Wireless security applications are often touted for allowing faster installation times and affording end users considerable savings in material and labor costs, among other attributes. Of particular appeal are wireless video deployments where cameras are needed in remote or challenging sites and transmission through the air is the optimal solution. Examples include parking areas and municipal surveillance systems where mesh, microwave, cellular, 802.11 or other technologies and frequencies may be used to transmit images back to a monitoring facility or station.
A substantial series of developments in wireless technology during the past year will very soon allow integrators to expand their businesses well beyond traditional video surveillance applications. Let's take a look at a few of these key technological advancements and the market potential they are expected to open up. As you read on, keep in mind all the while that training and education will be imperative to building a successful wireless portfolio.
MIMO and Other Developments
The first noteworthy innovation to discuss is MIMO technology, which is now becoming the technology of choice for an increasing number of wireless applications. MIMO — or multiple input and multiple output — allows a radio to reach data rates up to 300Mbps using the same 20 and 40MHz channels of traditional 802.11 connectivity. For this technology to work, two or three antennas are needed for transmission in order to create signal uncorrelation. The larger the uncorrelation, the higher the performances.
In today's market you can encounter 2x2 and 3x3 MIMO products. As you might guess, the former has two antennas per radio while the latter has three. Most 3x3 MIMO products use omnidirectional antennas and are not well suited for security applications because of their limited range. Alternatively, 2x2 MIMO radios are a much better option for security and video surveillance applications. Namely, a 2x2 MIMO radio will allow integrators to use directional antennas, thereby extending the MIMO performances to a useful range. However, don't be tricked by the complexity of the theory behind these products. From an installation standpoint, they are actually quite simple to install as most of them use an integrated directional antenna and don't require much assembly.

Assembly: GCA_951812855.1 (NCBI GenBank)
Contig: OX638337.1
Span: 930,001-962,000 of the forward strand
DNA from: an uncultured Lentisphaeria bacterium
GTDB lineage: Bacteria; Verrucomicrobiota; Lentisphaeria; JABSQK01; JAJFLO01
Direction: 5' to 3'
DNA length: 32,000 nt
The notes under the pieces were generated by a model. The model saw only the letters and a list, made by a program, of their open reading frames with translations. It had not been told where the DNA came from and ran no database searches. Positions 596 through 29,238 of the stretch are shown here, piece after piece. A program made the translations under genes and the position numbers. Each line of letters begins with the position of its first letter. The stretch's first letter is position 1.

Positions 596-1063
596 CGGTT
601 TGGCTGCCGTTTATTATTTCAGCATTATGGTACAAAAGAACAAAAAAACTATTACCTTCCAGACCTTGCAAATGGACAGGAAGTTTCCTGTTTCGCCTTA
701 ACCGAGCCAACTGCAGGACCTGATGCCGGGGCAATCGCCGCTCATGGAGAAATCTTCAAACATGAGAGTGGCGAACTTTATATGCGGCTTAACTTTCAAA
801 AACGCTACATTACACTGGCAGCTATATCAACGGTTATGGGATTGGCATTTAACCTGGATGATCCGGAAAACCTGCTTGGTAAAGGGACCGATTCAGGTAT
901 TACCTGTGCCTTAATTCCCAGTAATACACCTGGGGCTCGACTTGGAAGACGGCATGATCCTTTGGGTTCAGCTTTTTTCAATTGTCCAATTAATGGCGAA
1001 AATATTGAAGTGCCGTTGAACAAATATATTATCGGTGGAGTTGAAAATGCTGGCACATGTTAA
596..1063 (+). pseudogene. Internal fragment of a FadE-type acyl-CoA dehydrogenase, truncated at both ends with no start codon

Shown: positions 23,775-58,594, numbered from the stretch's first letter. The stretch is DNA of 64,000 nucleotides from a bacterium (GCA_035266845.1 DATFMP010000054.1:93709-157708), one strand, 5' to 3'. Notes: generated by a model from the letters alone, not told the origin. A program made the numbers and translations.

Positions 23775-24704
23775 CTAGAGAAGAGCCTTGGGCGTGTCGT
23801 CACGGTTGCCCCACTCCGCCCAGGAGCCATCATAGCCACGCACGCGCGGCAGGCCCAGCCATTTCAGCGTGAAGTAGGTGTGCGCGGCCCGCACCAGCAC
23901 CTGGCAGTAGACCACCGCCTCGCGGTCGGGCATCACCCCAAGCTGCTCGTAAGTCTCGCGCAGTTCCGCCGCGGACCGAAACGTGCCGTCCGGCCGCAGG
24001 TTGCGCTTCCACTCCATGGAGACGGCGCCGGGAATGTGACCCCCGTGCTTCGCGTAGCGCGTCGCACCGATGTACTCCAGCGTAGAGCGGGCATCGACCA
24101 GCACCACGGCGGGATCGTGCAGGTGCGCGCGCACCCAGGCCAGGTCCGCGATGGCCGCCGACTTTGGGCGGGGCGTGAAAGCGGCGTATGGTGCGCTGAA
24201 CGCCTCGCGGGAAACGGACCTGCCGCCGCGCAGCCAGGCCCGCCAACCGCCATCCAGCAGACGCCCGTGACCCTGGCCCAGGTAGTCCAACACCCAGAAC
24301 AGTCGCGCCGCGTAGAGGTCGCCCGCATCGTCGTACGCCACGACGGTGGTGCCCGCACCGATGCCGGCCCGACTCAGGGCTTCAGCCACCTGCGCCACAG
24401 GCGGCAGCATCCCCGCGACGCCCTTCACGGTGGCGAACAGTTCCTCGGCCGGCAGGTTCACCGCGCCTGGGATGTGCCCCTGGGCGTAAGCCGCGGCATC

When installed properly, a 2x2 MIMO link can deliver up to 150Mbps of real user datagram protocol (UDP) throughput and achieve a range of up to 20 miles in line of sight. This represents somewhat of a revolution in the industry as system performance has almost doubled in the past few years. This also makes it possible for integrators to use wireless links to stream megapixel cameras back to a central monitoring station without having to be overly concerned about image compression and frame rate.
Mobile Deployment Possibilities
Another impressive advancement in the wireless arena concerns transmission protocols and routing algorithms. Without delving into technical details, wireless products are becoming smarter and more powerful, leading to an increased number of possible applications where they can be deployed. One of the key examples of this is called mobility. This term refers to a system that involves one or more moving vehicles communicating with a network of fixed wireless units, usually installed on the perimeter. This could be a police car moving through a neighborhood, a train rolling along a track or a bus operating on a highway.
Streaming live video or data off a moving vehicle without any interruption of service presents a very difficult challenge to resolve. Such a scenario may require roaming between nodes and having very fast and very smart routing protocols that can handle a fast hand-off without losing connectivity with the network. Until a few months ago, the only solution available for these types of applications was a 3G wireless network or a satellite link. Both of these solutions are very expensive and have a throughput that rarely exceeds 5Mbps, rendering it unpractical for video surveillance applications.
The latest developments in mesh technology now allow for the installation of a Layer 2 network in this configuration, and the streaming of up to 45Mbps of live video from a train traveling at 55 MPH using a wireless infrastructure composed by a wireless unit every quarter of a mile.
Given the competitive cost of existing wireless networks, this solution is a game-changer in the transportation industry. Many transit authorities will be able to maintain awareness of what happens around and inside their vehicles without having to send someone onsite. Live video streaming will be possible from every train to the central control room without any interruption in service, all for a fraction of the price of what a 3G or satellite network would cost.
This technology could easily expand to highways, waterways, manufacturing plants and mines, for example, while helping the end user monitor their properties and the adjacent areas. Having roughly 50Mbps of usable throughput could also open doors to other applications such as Wi-Fi connectivity, on-demand content, VoIP systems and more. These are all features that are currently struggling to gain traction as they can be bandwidth intensive.
Training, Education Requisites
So what does an integrator need to do to prepare for taking advantage of this great business opportunity called wireless? The first and most important goal is to build knowledge and expertise on this topic. Proper system design and training are mandatory for integrators who are planning on making wireless a mainstay of their portfolios.